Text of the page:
Further out is the smaller, metal-ribbed focus ring, which is about half an inch wide. It rotates easier and smoother than the zoom ring. When you want manual focus, pull the ring toward you to engage manual focusing and reveal the focus distance scale. The focus ring will rotate indefinitely when using autofocus but will rotate about 90 degrees in manual focus with hard stops at either end.
In terms of the optical construction, the new Olympus 12-40mm ƒ/2.8 Zuiko PRO is comprised of 14 elements in 9 groups, with two EF elements, 1 EDA lens, 2 HR lenses, 1 HD lens, 1 DSA lens and 2 aspherical lenses. It has a 7-bladed circular aperture that stops down to ƒ/22.
An interesting feature on this lens is the programmable L-Fn button near the lens mount along the upper left side. Presumably, standing for "Lens Function", the L-Fn button can be configured using compatible Olympus cameras to set various options -- and options not even related to the lens itself. You can program it to toggle adjustments such as white balance or RAW, but it can also be set as an AF-stop button. The placement is convenient as it's right near or under your thumb when using the proper camera holding technique to support the lens in your hand. (Note: Despite being part of the Micro Four Thirds system, the L-Fn button won't function with Panasonic cameras, although you can mount this lens to those cameras.)
The Olympus 12-40mm ƒ/2.8 Zuiko PRO represents a new category for Micro Four Thirds lenses, and as such, there arenot many direct competitors that can be seen as alternatives. Nevertheless, there are options out there.
Panasonic 12-35mm ƒ/2.8 ASPH POWER OIS LUMIX G X VARIO ~$1300
Perhaps the closest alternative to the Olympus is Panasonic's 12-35mm ƒ/2.8 lens. With it you get a similar, albeit slightly shorter focal length range and a constant ƒ/2.8 aperture. It also features built-in optical image stabilization, which might be a moot point for Olympus users as most of the company's cameras feature sensor shift IS. It's also a very sharp lens at all focal lengths and does well at controlling CA, but it shows more distortion and more vignetting than the Olympus -- and it's more expensive.
Olympus 12-50mm ƒ/3.5-6.3 EZ M.Zuiko Digital ED ~$500
It's not a professional-grade lens with metal construction, but it does have weather sealing, and is a really sharp lens. And while you get an extra 10mm on the long end, you sacrifice a fast ƒ/2.8 aperture for a variable ƒ/3.5-6.3. This lens also does significantly worse with chromatic aberration, as well as distortion and vignetting at the wider end, but at around $500, it's half the price of the 12-40mm, and it has a dedicated macro mode.
Olympus 14-42mm ƒ/3.5-5.6 II M.Zuiko Digital ~$300
Like the previous example, this lens will get you similar focal lengths, but at the cost of a fast, constant aperture. The 14-42mm lens produces sharp photos, however it's much worse at CA and vignetting compared to the new Olympus 12-40mm. Distortion is a also worse at the wider end, but does fantastic from 18mm and onwards. It's also extremely affordable at only $300.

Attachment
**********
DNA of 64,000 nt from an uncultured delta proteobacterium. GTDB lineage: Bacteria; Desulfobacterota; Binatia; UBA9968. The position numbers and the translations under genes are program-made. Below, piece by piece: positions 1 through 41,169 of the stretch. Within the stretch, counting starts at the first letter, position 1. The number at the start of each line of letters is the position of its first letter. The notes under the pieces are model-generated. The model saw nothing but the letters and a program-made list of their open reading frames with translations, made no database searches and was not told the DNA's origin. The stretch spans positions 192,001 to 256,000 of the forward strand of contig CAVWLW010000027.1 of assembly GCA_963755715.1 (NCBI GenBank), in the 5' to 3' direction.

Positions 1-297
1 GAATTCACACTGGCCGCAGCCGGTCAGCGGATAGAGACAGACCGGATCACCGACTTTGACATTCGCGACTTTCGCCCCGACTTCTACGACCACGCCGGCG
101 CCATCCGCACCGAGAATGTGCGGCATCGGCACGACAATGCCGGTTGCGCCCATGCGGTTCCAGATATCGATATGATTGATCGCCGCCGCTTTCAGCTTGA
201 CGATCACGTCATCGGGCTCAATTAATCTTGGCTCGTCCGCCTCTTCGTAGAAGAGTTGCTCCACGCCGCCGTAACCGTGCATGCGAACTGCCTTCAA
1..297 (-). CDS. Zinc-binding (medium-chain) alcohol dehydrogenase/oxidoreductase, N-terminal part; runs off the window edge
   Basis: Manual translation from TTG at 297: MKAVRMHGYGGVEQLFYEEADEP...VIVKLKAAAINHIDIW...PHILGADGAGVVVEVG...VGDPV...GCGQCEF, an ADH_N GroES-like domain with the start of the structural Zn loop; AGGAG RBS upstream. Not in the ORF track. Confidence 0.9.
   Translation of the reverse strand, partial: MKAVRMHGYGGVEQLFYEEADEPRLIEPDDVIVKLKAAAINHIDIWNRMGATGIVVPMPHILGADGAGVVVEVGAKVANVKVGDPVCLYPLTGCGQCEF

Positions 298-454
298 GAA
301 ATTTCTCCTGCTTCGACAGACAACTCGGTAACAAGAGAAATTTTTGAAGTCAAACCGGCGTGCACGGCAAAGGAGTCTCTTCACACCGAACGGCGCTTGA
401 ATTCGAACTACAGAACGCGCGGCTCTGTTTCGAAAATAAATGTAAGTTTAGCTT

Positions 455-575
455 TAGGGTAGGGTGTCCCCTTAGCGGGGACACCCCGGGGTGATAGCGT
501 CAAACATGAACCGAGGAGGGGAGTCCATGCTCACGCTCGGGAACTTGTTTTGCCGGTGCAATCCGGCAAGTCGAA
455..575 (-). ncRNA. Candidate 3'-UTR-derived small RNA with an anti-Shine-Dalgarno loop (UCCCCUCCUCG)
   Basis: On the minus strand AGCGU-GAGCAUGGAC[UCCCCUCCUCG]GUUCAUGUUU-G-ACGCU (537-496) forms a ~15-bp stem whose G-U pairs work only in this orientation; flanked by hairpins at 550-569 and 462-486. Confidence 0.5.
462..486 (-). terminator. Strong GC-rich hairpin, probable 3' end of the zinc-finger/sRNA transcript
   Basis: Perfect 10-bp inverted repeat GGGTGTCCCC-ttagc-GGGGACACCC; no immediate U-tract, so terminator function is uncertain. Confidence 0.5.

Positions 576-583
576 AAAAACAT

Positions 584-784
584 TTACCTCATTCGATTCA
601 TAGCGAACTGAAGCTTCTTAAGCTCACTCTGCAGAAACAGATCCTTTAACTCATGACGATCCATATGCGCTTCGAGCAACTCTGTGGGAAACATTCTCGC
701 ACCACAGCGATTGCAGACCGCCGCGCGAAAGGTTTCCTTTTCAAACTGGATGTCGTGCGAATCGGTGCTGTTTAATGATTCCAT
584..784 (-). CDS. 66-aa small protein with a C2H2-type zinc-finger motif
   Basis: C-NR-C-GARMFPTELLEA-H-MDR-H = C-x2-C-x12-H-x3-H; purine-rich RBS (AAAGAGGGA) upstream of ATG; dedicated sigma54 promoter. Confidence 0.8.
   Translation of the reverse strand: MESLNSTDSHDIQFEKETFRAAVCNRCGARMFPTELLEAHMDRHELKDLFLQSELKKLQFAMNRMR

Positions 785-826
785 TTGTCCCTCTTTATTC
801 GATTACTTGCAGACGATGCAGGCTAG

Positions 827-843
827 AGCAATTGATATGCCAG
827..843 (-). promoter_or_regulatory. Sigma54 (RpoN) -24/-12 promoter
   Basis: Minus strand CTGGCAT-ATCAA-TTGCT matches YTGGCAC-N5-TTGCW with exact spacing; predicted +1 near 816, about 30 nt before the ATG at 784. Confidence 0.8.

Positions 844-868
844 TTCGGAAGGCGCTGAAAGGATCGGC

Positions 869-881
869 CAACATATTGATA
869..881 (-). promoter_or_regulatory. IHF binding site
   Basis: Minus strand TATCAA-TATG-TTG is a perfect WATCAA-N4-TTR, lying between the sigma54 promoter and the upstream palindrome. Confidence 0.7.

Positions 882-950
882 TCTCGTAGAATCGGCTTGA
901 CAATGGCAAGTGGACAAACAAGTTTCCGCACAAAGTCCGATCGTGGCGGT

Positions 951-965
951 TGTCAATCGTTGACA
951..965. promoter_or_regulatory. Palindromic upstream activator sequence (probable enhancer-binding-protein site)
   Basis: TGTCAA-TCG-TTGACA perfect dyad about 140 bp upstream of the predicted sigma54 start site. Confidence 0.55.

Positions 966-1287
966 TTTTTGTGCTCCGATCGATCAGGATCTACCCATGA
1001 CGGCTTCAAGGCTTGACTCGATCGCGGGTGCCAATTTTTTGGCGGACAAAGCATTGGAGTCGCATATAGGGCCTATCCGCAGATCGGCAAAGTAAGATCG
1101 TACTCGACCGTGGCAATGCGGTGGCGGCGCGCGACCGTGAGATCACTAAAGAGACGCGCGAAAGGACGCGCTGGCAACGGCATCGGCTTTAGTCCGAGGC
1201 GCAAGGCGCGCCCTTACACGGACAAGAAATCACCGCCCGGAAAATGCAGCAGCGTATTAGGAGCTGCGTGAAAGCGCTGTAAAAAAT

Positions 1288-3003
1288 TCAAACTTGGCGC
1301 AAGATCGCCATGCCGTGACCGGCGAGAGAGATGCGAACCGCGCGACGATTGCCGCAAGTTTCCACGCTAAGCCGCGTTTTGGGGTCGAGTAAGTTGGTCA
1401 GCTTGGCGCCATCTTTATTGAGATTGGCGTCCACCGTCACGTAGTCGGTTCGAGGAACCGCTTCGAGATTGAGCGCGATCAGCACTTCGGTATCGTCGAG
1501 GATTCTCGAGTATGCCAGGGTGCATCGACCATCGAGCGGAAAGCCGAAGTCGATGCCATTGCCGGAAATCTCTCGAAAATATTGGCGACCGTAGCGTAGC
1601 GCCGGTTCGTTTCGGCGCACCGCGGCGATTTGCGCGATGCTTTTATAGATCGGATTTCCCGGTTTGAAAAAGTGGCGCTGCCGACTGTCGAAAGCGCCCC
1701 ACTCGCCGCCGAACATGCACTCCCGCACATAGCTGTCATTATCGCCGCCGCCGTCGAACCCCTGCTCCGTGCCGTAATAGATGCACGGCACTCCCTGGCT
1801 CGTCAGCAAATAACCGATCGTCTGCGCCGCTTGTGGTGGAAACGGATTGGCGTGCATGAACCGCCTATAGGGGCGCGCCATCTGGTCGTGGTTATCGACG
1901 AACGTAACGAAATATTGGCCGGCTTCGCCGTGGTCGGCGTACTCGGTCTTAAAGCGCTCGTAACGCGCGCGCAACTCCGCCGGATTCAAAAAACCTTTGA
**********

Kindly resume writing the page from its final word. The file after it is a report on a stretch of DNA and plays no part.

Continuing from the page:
The new Olympus 12-40mm ƒ/2.8 Zuiko PRO is a powerhouse of a lens with excellent optical performance: sharp images, great CA control, hardly any distortion and low vignetting. The rugged, metal build quality that's dust-, splash- and freeze-proof really makes this lens an option for professional photographers who've been wanting to move to a smaller, more portable camera system but were too underwhelmed by the lens selection and performance to do so. With the Olympus 12-40mm lens, Olympus has stepped up the game for Micro Four Thirds lenses. Olympus has a history of making really great glass, especially with its older, larger Four Thirds system. With this new Zuiko PRO line, Olympus is trying to attract professionals back, as many of them likely switched to DSLRs from the larger camera manufacturers with their rugged, versatile fast ƒ/2.8 lenses. Now, Olympus has shown that it can make a lens with the optical quality as well as build quality that these users demand, and professional photographers such as photojournalists and adventure photographers should take note.
[Update: See the 12-40mm f/2.8 M. Zuiko Pro shooting dolphins at dusk on the E-M10 Mark II]
Check out a gallery of real-world sample photos over on our Flickr page.
The VFA target should give you a good idea of sharpness in the center and corners, as well as some idea of the extent of barrel or pincushion distortion and chromatic aberration, while the Still Life subject may help in judging contrast and color. We shoot both images using the default JPEG settings and manual white balance of our test bodies, so the images should be quite consistent from lens to lens.
As appropriate, we shoot these with both full-frame and sub-frame bodies, at a range of focal lengths, and at both maximum aperture and ƒ/8. For the ''VFA'' target (the viewfinder accuracy target from Imaging Resource), we also provide sample crops from the center and upper-left corner of each shot, so you can quickly get a sense of relative sharpness, without having to download and inspect the full-res images. To avoid space limitations with the layout of our review pages, indexes to the test shots launch in separate windows.
Olympus 12-40mm f/2.8 Pro M.Zuiko Digital ED
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Olympus 12-40mm f/2.8 Pro M.Zuiko Digital ED User Reviews
8 out of 10 points and recommended by coma (23 reviews)build quality, sizeexpensive, bokeh, optics
The lens is good. But it's not outstanding. You notice this, as soon as you use a RAW converter, that doesn't automatically do some correction magic.reviewed December 7th, 2015 (purchased for $1,000)
Sharpness is good in the center, but the uncorrected RAW suffers from severe distortion and vignetting. Furthermore both sharpness and contrast reduce quite a bit when you go near 40mm.
The lens is clearly underdesigned with electronic correction in mind and for that, it is way too expensive. 600€/$ would be appropriate
While many things are good (focus speed, near focus distance) the one thing that disappointed me the most (and which even made me buy into another system) was the bokeh at greater distances. It can ruins pictures. (Also the sharpness when focussed close to infinity seems to be a lot less than at close range. It seems, that this lens was optimised for close focus and that is the reason why it performs quite well in measurements.
10 out of 10 points and recommended by Lightweaver (2 reviews)Fast, well built, close focusing, weather resistant, sharp.EDIT: Thought of one. The auto manual clutched focus ring can be a little loose. Easy to bump it from auto focus to mechanical manual focus. Minor issue but I've done it a few times. Would be nice if it was a little stiffer to pull back.